Nginx, the popular open-source Web server, goes commercial

Nginx, the popular open-source Web server, goes commercial

Summary: Following in the footsteps of open-source companies like Red Hat and SUSE, Nginx's developers are offering a commercial version of its flagship open-source program, the popular Nginx Web server.

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Anyone who pays any attention to Web servers knows that Apache is the most popular Web server. What only professional Web developers and administrators know is that Nginix, a high-performance, open-source Web server, is battling with Microsoft's Internet Information Services (IIS) for second place.

Nginx Logo

Now, in order to leapfrog IIS and claim the No. 2 spot for itself, Nginx (pronounced Engine-X) has announced the availability of Nginx Plus, a fully supported version of the server program. This new version comes not only with professional support services, which have been available since February 2012, but with additional features. The commercial version has been developed and supported by Nginx's core engineering team and is available on a subscription basis starting at $1,350 per instance per year.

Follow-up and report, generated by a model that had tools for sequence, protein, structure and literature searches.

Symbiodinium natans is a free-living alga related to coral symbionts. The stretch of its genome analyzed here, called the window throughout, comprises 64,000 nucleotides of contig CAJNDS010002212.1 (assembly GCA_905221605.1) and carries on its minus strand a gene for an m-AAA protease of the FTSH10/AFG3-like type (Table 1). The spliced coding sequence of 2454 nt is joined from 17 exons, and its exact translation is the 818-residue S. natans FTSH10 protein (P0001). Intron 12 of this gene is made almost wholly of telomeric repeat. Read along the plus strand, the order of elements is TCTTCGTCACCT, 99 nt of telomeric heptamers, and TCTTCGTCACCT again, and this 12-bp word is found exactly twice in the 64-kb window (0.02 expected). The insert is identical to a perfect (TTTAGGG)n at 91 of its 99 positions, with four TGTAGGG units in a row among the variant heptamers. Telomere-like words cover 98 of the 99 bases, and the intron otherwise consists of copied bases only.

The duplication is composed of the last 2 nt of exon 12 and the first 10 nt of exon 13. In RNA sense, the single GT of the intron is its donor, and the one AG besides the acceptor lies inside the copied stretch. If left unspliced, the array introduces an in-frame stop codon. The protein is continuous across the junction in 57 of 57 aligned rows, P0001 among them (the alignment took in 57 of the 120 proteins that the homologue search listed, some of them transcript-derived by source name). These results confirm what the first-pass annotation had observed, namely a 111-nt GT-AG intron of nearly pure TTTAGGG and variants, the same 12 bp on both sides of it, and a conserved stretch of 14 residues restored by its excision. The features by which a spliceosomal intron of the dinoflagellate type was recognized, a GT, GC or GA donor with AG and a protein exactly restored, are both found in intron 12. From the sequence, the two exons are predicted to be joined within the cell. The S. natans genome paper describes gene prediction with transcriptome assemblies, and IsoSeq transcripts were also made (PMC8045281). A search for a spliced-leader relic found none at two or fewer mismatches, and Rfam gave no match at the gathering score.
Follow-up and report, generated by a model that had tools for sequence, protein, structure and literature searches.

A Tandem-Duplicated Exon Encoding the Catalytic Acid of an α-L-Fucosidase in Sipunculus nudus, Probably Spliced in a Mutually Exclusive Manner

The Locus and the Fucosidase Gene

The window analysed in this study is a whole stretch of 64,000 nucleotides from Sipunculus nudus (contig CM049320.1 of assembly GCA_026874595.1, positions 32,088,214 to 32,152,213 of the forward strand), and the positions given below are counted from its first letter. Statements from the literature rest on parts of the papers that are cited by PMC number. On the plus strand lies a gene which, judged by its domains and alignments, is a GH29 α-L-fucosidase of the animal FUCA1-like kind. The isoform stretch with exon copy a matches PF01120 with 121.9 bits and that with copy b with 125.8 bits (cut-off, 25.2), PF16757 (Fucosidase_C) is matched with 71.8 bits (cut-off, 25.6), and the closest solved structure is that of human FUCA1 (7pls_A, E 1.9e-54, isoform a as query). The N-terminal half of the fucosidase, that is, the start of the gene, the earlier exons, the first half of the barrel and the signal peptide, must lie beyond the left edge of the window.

“There has been immense interest in a commercial version of our open source software for customers that require enterprise oriented features and services,” said Gus Robertson, CEO of Nginx. “The launch of Nginx Plus provides businesses with precisely all the innovation of our open-source product paired with advanced features and services that deliver greater agility and reduce complexity for our customers.” Robertson concluded, "It's all the things that people know and love about Nginx plus additional features and support."

According to the company, "As business requirements continue to evolve rapidly, such as the shift to mobile and the explosion of dynamic content on the Web, CIOs are continuously looking for opportunities to increase application performance and development agility, while reducing dependencies on their infrastructure. Nginx Plus provides a flexible, scalable, uniformly applicable solution that was purpose-built for these modern, distributed application architectures.

Specifically Nginx Plus will offer Web application health checking, commercial-grade activity monitoring, advanced load balancing, dynamic reconfiguration, extended logging capabilities, high availability, and adaptive media streaming. The advanced Web server has been tested and certified for use in production on Amazon Web Services' Linux instances, Red Hat, CentOS, Ubuntu, and Debian.